Cooped inside the apartment they inhabit in their building, the family are prevented from accessing the rest of the property and using their garden. The soldiers use force against them any time they see them outside the confines of their apartment. Walking has become perilous as soldiers through bricks from the roof.
The nightmare of life under Occupation
“Until this disaster happened, we were all living together, me, George, his wife and their six children. But since soldiers began to enter the house, sometimes shooting and threatening us, life has become unbearable.
“The children were too anxious to go out of their rooms. During the night they couldn’t sleep. I placed my mattress next to them so they felt safer. I swear they couldn’t sleep all night, with nightmares of the soldiers bursting into the house.
“Most nights the soldiers have parties in the restaurant and get drunk. Then they come and hit the door and insult us, calling us dogs and telling us to get out of the house. They explode small sound bombs to scare us, but I respond to them without fear: ‘We are sleeping in our house; you are the dogs that come and attack us.’ Once they came at night and made us all stand against the wall and they beat-up George badly.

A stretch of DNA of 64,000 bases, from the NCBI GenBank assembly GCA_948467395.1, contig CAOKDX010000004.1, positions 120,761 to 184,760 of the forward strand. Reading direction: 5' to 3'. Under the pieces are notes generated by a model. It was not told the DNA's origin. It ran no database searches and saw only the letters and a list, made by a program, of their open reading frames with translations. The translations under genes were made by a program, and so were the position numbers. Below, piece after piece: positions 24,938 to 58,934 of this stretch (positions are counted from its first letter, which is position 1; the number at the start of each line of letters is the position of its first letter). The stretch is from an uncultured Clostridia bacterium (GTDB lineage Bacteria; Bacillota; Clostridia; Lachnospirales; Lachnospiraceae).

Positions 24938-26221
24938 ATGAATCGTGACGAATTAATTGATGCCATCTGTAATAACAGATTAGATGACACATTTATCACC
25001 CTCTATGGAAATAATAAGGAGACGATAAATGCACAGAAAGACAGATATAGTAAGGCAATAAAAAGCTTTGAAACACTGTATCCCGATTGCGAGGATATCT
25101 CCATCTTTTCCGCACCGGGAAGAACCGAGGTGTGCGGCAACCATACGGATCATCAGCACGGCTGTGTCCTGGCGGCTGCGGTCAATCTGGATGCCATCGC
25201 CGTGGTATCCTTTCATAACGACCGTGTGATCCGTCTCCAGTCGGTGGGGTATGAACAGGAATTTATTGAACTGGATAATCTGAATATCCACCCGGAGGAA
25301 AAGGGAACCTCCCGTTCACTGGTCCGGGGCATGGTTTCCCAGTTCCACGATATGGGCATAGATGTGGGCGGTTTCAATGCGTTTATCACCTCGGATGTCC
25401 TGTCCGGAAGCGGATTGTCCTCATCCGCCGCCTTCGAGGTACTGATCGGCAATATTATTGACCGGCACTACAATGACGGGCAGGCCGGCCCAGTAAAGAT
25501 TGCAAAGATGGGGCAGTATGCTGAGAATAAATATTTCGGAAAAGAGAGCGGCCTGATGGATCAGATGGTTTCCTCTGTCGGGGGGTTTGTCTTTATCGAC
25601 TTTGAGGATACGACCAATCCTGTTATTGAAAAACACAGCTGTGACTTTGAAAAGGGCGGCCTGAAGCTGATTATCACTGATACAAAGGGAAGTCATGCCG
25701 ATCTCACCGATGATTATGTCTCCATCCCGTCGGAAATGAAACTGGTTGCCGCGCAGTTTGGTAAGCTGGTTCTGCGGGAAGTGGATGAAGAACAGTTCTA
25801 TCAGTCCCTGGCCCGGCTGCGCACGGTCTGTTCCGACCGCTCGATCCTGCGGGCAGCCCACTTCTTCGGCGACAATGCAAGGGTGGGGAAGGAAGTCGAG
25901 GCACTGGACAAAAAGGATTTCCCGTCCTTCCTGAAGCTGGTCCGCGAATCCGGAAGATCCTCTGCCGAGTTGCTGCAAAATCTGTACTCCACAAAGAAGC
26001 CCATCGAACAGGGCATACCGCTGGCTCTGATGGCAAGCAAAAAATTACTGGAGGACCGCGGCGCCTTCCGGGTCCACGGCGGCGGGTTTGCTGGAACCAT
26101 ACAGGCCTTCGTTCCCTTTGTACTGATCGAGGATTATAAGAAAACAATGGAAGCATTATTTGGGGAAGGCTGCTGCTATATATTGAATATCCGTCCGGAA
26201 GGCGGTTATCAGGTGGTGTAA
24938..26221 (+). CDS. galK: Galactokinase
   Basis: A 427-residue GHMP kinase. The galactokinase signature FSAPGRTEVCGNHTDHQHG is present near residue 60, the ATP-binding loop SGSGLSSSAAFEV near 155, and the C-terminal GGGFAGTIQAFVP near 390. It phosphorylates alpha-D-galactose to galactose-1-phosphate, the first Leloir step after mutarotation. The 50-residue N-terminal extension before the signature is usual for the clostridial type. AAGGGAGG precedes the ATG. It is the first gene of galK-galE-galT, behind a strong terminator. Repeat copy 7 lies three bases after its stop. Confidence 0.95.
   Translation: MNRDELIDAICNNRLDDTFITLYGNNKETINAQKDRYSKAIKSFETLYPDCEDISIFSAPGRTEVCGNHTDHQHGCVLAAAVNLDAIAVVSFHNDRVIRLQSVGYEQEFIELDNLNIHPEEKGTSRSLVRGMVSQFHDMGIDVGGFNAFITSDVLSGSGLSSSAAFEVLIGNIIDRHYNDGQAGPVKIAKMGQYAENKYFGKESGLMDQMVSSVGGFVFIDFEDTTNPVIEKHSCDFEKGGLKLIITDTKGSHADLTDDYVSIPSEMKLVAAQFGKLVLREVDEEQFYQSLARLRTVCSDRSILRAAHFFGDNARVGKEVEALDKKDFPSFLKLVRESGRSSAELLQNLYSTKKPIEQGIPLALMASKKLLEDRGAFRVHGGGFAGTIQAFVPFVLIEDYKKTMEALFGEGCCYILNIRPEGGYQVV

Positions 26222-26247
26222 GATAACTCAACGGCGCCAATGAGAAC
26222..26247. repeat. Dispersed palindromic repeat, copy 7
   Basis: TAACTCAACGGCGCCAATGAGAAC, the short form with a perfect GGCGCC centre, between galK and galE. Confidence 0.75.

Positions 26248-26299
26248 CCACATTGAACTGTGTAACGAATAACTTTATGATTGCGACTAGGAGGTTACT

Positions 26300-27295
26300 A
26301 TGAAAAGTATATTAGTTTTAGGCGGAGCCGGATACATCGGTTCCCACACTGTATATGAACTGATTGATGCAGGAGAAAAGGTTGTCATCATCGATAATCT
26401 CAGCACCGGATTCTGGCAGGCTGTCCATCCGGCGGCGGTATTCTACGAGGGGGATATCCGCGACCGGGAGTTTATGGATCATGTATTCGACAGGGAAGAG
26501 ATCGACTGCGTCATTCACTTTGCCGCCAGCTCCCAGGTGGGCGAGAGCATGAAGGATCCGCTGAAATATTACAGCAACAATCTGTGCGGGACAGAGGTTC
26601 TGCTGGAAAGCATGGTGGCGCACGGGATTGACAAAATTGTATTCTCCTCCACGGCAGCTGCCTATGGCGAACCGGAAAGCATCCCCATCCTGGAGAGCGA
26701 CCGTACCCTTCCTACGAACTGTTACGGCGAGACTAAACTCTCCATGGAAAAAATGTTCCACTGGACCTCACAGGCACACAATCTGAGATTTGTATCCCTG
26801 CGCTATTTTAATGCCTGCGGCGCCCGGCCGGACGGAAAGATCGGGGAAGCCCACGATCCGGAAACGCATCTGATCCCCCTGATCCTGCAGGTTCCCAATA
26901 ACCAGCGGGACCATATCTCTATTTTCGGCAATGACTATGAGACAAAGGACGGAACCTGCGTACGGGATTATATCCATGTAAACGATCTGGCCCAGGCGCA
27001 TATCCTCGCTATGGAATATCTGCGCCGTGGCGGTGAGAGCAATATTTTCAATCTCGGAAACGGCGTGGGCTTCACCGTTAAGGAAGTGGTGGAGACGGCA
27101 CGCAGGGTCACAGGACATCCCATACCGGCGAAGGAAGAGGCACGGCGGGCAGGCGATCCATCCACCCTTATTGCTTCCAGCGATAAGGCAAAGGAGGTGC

“When the children travelled to school, I accompanied them and held them by their hands until the top of the road, meeting them there when they return. Once, I was alone with them in the house. They were playing in the garden as the soldiers came to the apartment. They wanted to enter, so I started to shout. The kids heard it and started to shout with me and to cry. The Occupation Forces attempted to beat me up. After this time the children insisted that they couldn’t continue living in these circumstances.”